Duke Fuqua | Mr. Military MedTech
GRE 310, GPA 3.48
Stanford GSB | Mr. Latino Healthcare
GRE 310, GPA 3.4
Tuck | Mr. Product Marketer
GMAT 730, GPA 3.1
Wharton | Mr. Aspiring Leader
GMAT 750, GPA 3.38
Cornell Johnson | Mr. Advisory Consultant
GRE 330, GPA 2.25
Kellogg | Mr. Equity To IB
GMAT 730, GPA 3.6
INSEAD | Mr. Marketing Master
GRE 316, GPA 3.8
Darden | Ms. Marketing Analyst
GMAT 710, GPA 3.75
Darden | Mr. Corporate Dev
GMAT Waived, GPA 3.8
Cornell Johnson | Mr. SAP SD Analyst
GMAT 660, GPA 3.60
Kellogg | Ms. Public School Teacher
GRE 325, GPA 3.93
Berkeley Haas | Mr. Army Officer
GRE 325, GPA 3.9
INSEAD | Mr. Future In FANG
GMAT 650, GPA 3.5
Harvard | Mr. Hedge Fund
GMAT 740, GPA 3.8
Stanford GSB | Mr. Deferred MBA
GMAT 760, GPA 3.82
Stanford GSB | Mr. Robotics
GMAT 730, GPA 2.9
Stanford GSB | Ms. Artistic Engineer
GMAT 730, GPA 9.49/10
Yale | Mr. Army Pilot
GMAT 650, GPA 2.90
Kellogg | Mr. Double Whammy
GMAT 730, GPA 7.1/10
INSEAD | Mr. Tesla Manager
GMAT 720, GPA 3.7
Darden | Mr. Tech To MBB
GMAT 710, GPA 2.4
INSEAD | Ms. Investment Officer
GMAT Not taken, GPA 16/20 (French scale)
McCombs School of Business | Mr. Startup Of You
GMAT 770, GPA 2.4
Kellogg | Mr. Hopeful Admit
GMAT Waived, GPA 4.0
UCLA Anderson | Mr. International PM
GMAT 730, GPA 2.3
Harvard | Mr. Policy Development
GMAT 740, GPA Top 30%
Ross | Mr. Brazilian Sales Guy
GRE 326, GPA 77/100 (USA Avg. 3.0)

Stanford Graduate School of Business Recommendation Questions

If you’re an MBA applicant to Stanford’s Graduate School of Business, what does the admissions staff expect from the three recommenders it requires as part of your application?

For the 2012-2013 application season, Stanford wants at least one letter from a current direct supervisor. If you’re unable to get one from your current direct supervisor, the school asks that you include a brief note of explanation in the Additional Information section of the online application. College seniors may use a direct supervisor from a summer, part-time, or internship experience. Alternatively, you may ask someone who oversaw you in an extracurricular, volunteer, or community activity.

Your second Professional/Workplace Letter of Reference must come from someone else in a position to evaluate your work—another supervisor, a previous supervisor, or a client. And your third letter should ideally come from a peer. “An individual with whom you have worked on a team or on a project, in a position equal to your own, should complete this recommendation,” Stanford says. “You may choose this person from any of your team experiences: charitable, extracurricular, professional, or other. The peer recommender cannot be your supervisor or subordinate.”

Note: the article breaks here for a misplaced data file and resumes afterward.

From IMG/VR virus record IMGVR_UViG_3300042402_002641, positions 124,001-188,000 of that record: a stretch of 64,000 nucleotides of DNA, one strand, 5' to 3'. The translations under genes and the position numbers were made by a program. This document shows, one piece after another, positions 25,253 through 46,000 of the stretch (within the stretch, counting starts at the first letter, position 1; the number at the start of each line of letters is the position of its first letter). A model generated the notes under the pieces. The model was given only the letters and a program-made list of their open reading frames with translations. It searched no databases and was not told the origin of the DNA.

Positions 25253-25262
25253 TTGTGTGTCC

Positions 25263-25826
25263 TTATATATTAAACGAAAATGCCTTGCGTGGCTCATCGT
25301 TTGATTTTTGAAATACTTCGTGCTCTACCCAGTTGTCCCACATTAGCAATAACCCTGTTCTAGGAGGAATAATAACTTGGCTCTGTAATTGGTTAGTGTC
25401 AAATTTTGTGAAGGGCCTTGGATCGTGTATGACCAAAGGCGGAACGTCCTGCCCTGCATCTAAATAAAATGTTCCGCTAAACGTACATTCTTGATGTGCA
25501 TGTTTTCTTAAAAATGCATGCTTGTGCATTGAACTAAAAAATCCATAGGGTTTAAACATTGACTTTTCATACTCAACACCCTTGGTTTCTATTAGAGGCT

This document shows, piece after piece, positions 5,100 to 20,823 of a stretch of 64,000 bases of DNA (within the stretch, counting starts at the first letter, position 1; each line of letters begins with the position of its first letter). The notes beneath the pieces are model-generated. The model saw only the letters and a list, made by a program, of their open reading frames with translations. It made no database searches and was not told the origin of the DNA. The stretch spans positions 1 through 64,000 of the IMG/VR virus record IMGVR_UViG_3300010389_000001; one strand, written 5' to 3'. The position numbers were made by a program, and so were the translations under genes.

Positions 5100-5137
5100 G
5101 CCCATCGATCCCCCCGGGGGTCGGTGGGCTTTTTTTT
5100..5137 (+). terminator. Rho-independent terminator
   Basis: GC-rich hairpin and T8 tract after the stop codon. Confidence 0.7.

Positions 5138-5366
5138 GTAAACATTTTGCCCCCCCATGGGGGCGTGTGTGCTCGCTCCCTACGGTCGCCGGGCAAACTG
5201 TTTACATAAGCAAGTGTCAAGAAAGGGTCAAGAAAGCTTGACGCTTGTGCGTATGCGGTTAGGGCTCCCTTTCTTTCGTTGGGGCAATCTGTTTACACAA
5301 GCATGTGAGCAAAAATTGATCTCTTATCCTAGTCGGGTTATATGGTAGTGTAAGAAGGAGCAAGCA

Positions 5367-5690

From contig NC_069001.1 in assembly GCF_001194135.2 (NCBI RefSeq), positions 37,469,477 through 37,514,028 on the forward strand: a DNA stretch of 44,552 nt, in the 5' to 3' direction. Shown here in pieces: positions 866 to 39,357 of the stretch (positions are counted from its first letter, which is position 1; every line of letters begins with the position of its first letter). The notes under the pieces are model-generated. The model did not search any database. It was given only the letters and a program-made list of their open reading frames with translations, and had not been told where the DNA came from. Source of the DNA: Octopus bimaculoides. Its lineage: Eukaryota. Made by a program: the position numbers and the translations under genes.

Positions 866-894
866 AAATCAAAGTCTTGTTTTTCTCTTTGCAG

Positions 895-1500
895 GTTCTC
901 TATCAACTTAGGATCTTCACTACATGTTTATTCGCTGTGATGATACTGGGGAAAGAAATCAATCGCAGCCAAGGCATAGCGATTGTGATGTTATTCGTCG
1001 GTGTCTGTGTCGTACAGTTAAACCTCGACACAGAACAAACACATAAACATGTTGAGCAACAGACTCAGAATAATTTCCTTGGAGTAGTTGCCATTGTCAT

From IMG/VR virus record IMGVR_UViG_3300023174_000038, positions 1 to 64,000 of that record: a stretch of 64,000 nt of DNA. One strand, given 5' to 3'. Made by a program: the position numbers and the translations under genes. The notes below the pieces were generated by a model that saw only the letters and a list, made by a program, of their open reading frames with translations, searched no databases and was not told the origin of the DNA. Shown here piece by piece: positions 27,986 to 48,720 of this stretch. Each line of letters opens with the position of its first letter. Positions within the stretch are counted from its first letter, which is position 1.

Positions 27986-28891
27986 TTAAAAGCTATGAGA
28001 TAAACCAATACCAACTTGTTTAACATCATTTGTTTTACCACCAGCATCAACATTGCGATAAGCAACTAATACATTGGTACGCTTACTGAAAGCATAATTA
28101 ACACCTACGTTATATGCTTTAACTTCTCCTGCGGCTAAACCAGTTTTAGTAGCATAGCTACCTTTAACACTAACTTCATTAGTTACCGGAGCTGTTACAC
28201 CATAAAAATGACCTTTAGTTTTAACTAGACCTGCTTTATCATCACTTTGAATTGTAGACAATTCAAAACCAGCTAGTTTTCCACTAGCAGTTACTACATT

Stanford provides some general guidelines to help applicants. “As we read your letters of reference, we hope to discover specific descriptions and examples illustrating your potential to make a difference in the world,” the school states on its website. “Choose individuals who know you well, and who will take the time to write thorough, detailed letters with specific anecdotes and examples. The strongest references will demonstrate your leadership potential and personal qualities. We are impressed by what the letter says and how it reads, not by the title of the person who writes it.”

BILL GATES OR YOUR DIRECT SUPERVISOR? 

Betsy Massar, founder of Master Admissions, an MBA admissions consulting firm, puts it this way: “If you have a choice between Bill Gates, who is willing to write you a letter because your father is a friend of a friend, and your direct supervisor with whom you work day in and day out, choose your direct supervisor.”

Here are the questions Stanford asks recommenders to answer:

Professional/Workplace recommenders

  • Please comment on the context of your interaction with the applicant. If applicable, briefly describe the applicant’s role in your organization.
  • Please describe a time when the applicant changed your thinking or actions.
  • Please describe the most important piece of constructive feedback you have given the applicant. Please detail the circumstances and the applicant’s response.
  • Please make additional statements about the applicant’s performance, potential, or personal qualities you believe would be helpful to the MBA Admissions Office.

Peer recommender

  • Please comment on the context of your interaction with the applicant. If applicable, briefly describe the applicant’s role in your organization.
  • Please describe a time when the applicant changed your thinking or actions.
  • Please describe the most important piece of constructive feedback you have given the applicant. Please detail the circumstances and the applicant’s response.
  • Please make additional statements about the applicant’s performance, potential, or personal qualities you believe would be helpful to the MBA Admissions Office.

Stanford also will ask all three of your recommenders to assess you on some competencies and character traits that contribute to successful leadership (see below).

 

About The Author

John A. Byrne is the founder and editor-in-chief of C-Change Media, publishers of Poets&Quants and four other higher education websites. He has authored or co-authored more than ten books, including two New York Times bestsellers. John is the former executive editor of Businessweek, editor-in-chief of Businessweek. com, editor-in-chief of Fast Company, and the creator of the first regularly published rankings of business schools. As the co-founder of CentreCourt MBA Festivals, he hopes to meet you at the next MBA event in-person or online.